When the visit to London ended, and she went back to the old solitary life, everything had changed to her. Her days, which had been empty, were full of dreams, her heart grew tender, glad, hopeful, with a sweet unreasonable content. Even George seemed less disagreeable to her; she began to think she had been often ill-tempered, and must try to make amends. Christian had found means—or Bailey had found them for him—to make her believe herself as much to him as he was to her. She knew that the whole party had left London, and were moving from place to place. By-and-by they would come to Cheshire, and then she would see or hear of them. Christian had not proposed to her to marry him, nor had she deliberately considered such a possibility—she loved him, and he would soon be near her again, that was enough for the present.

In this mood she passed the rest of summer, and the early autumn. Mr. Wynter and George spent most of the day together, and she saw little of them until dinner-time. The evenings were social, after a fashion. Sometimes Mary played or sung—sometimes George read aloud. Mr. Wynter liked to be amused, but he did not care to talk. Thus, even the hours they spent together led to no acquaintance between father and daughter—each was altogether in the dark as to the thoughts, feelings, and projects of the other.

One November morning Mary was sitting alone as usual. She had intended to go out, but it was grey and cheerless out of doors, and the attraction of a bright fire, and a new book, proved too strong for her. The book was one of her favourite Indian stories, and she lost herself in the delightful depths of the "forest primeval" with an entire and blissful forgetfulness of England and common sense. But she roused herself, with a start of no little surprise, when her father suddenly walked into the room.

"Papa!" she cried, jumping up and letting her book fall, with a sudden conviction that something important indeed, must have brought so unusual a visitor.

"Sit down, my dear," he answered kindly; "I have something to say to you. It did not seem necessary to say anything about it before, but now you are nearly twenty-one, and that is the time I have always fixed upon."

"Fixed upon for what, papa?" she said, utterly at a loss.

"For your marriage, my dear. It is a good age, quite young enough, and yet old enough for a girl to have some idea of her duties. I wish you to be married in February. A month after your birthday."

Mary looked at him in complete bewilderment. Her very marriage-day fixed, and where was the bridegroom? She almost laughed, as she thought that she could not even guess at any person who as likely to propose for her—except one.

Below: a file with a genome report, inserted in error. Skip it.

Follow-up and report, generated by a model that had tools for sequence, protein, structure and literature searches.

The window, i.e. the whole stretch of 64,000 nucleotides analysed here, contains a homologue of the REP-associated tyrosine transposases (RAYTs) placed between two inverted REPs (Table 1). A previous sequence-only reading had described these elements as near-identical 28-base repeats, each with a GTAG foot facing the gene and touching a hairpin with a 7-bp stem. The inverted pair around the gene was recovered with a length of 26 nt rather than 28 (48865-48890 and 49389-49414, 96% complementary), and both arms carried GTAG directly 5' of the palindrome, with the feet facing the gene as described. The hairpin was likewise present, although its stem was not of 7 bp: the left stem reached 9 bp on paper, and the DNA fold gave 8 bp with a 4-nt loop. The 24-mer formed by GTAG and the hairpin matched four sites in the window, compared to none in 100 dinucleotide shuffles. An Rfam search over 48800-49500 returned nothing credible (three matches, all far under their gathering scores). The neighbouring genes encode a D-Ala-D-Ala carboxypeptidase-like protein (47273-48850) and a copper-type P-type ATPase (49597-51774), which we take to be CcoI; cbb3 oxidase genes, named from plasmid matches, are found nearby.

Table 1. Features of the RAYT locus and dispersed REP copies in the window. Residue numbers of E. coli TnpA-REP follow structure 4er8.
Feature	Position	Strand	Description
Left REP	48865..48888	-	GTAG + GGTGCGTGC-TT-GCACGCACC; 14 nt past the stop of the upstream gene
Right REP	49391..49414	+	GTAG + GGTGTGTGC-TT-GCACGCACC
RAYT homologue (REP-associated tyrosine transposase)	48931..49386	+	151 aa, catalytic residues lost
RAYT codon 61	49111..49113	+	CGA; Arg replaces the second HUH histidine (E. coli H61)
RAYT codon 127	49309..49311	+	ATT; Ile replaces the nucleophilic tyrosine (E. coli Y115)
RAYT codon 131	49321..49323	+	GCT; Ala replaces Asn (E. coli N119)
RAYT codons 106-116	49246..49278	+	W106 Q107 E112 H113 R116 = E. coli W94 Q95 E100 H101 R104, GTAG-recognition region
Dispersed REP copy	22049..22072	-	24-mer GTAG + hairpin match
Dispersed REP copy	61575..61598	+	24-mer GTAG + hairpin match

"But who is it?" she managed to ask, at last. "Nobody wants to marry me."

"Who is it?" Mr. Wynter repeated in surprise. "George, of course."

"George!" she stopped a minute to recover breath.

Mr. Wynter remained silent. He had said all that was needful. She was going to say, "Papa, you must be joking," but she looked at his face and could not. He was too much in earnest—she perceived that with him the thing was settled—and therefore done. She took courage from the despair of the moment; "Papa," she said deliberately, "I will never marry my cousin George."

For one moment, his face seemed to change. Then he got up, as calm and assured as before.

"You are surprised, I see," he answered. "I supposed you must have guessed my intentions. I will speak with you about it again to-morrow."

So he went out, and left her stunned, but by no means beaten. And, from that day a struggle began—if indeed it could be called a struggle, where the one party had not the slightest comprehension of the resistance of the other. At Christmas, Mary, by this time driven almost frantic, heard of the arrival of Christian at Chester. They met by Bailey's contrivance, and Mary came back home pledged to marry her hero. Delay, however, was necessary. The marriage could not take place until just before the Indians sailed for Canada, which would be in March, and Mary could obtain delay, only by a kind of compromise. She made her cousin himself the means of obtaining this, by reminding him that the least he could do for her, was to give her time to reconcile herself to so new an idea. He, not the least in love, and far from suspecting a rival, asked that the marriage might be put off for three months. This was all that was needed. On the night of the 16th March, Mary left home, and travelled under Bailey's guidance to Liverpool. There Christian met her. All had been arranged, and they were married, and started for Ireland. After a week or two of honeymoon, they went to Queenstown, and there joined the ship, which was carrying the rest of the party to Quebec.

It was during the two or three weeks spent in Ireland, and still more completely during the voyage, that all the fair fabric of the young wife's delusions fell to pieces.